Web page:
The elementary school in Uvalde, Texas, where a teenager slaughtered 19 students and two teachers last month, will be demolished, the mayor of the city announced Tuesday.
Several hours before the mayor's remarks, a top Texas official described law enforcement's response to the shooting at Robb Elementary School as "an abject failure" in which a commander prioritized the safety of cops over that of children.
At a council meeting, Uvalde Mayor Don McLaughlin stated, "You can never ask a student or teacher to return to that school."
During a separate Texas state Senate hearing into the May 24 shooting, Texas Department of Public Safety (DPS) Director Steven McCraw stated that the onsite commander made "terrible decisions" and that officers at the scene lacked adequate training, costing valuable time that could have been used to save lives.
McCraw stated, "There is compelling evidence that law enforcement's response to the attack at Robb Elementary School was an abject failure and contrary to everything we've learned."
After the shooter entered Robb Elementary School and began firing, several parents, relatives, and staff members expressed outrage at the police's response.
The search for a key to the classroom where the incident took place was one of the delays mentioned by McCraw. He observed that the door was unlocked and that there was no indication that any officers had attempted to secure it while others looked for a key.
McCraw stated there is no way for the subject to lock the door from the inside.
Days after the incident, the Texas DPS reported that as many as 19 police waited outside classrooms 111 and 112 for more than an hour before a US Border Patrol-led tactical squad gained access. Yesterday at the hearing, McCraw reaffirmed this.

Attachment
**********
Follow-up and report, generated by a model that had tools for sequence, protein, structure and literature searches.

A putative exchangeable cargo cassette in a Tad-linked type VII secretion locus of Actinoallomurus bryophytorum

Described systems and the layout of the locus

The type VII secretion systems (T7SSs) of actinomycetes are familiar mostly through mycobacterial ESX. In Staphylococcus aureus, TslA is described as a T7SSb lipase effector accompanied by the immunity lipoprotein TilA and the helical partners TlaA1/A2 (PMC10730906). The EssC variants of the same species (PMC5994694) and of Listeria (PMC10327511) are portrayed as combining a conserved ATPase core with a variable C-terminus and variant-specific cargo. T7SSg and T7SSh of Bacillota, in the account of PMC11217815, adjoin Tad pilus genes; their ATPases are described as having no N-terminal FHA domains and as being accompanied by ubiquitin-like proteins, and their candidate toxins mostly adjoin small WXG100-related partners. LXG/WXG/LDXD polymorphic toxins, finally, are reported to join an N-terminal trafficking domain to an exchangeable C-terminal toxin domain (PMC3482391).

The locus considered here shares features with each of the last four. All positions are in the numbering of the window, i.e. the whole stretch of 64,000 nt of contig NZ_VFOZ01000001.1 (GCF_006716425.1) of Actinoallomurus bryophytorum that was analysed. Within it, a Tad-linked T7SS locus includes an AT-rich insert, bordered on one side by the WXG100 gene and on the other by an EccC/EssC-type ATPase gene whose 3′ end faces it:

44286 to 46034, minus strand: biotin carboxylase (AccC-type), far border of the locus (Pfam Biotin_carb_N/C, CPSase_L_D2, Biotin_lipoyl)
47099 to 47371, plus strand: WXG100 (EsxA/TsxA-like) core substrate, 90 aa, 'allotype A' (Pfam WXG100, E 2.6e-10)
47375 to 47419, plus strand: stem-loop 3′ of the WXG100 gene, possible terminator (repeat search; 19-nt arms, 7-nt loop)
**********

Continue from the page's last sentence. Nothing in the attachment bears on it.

"The officers had firearms, but the youngsters did not. The officers have body armor, while the children do not. The cops had training, whereas the suspect had any. According to the DPS director, the children and teachers in Room 111 waited to be rescued for one hour, fourteen minutes, and eight seconds.
"Three minutes after the subject entered the west building, there were enough armed officers equipped with body armor to isolate, distract, and neutralize the subject," McCraw stated.
"The only thing preventing a hallway of dedicated officers from entering Rooms 111 and 112 was the decision of the on-scene commander to prioritize the safety of officers over the safety of children," the director stated during the hearing.
McCraw reported that the site commander, Uvalde schools police chief Pete Arredondo, "waited for radio and guns, shields, and SWAT. Finally, he awaited a key that was never required. Yesterday, Arredondo did not address any of the two hearings.
Arredondo stated earlier this month that he never considered himself incident commander at the shooting scene and did not instruct police to refrain from invading the building.
McLaughlin accused McCraw of shifting blame from state police enforcement at last night's city council meeting.
"In each and every briefing, he omits the number of his own officers and rangers present that day," the mayor added. "Colonel McCraw has an agenda, and it is not to provide the families of this community with a complete account of what transpired and factual answers."
McLaughlin declared that state officials were abandoning the city and its inhabitants in the dark and added, "The gloves are off."
Greg Abbott, the Republican governor of Texas, said in a statement that he wants the victims' families and the public to have immediate access to all shooting-related information.
Yesterday evening, the Uvalde City Council denied Arredondo's request for a leave of absence as a council member by a vote of unanimous consent.
Arredondo was elected to the council shortly before the incident, although he missed the two subsequent council meetings. If he skips three consecutive council meetings, denying him a leave of absence could result in his resignation.
Arredondo told the Texas Tribune that he left his two radios outside the school because he needed both hands for his weapons. He claimed he called for tactical equipment, a sniper, and keys to enter the building but waited forty minutes before approaching the doors to avoid drawing gunfire.
During an emotional school board meeting on Monday, ABC News reported that community members and parents of the victims pushed Arredondo to quit.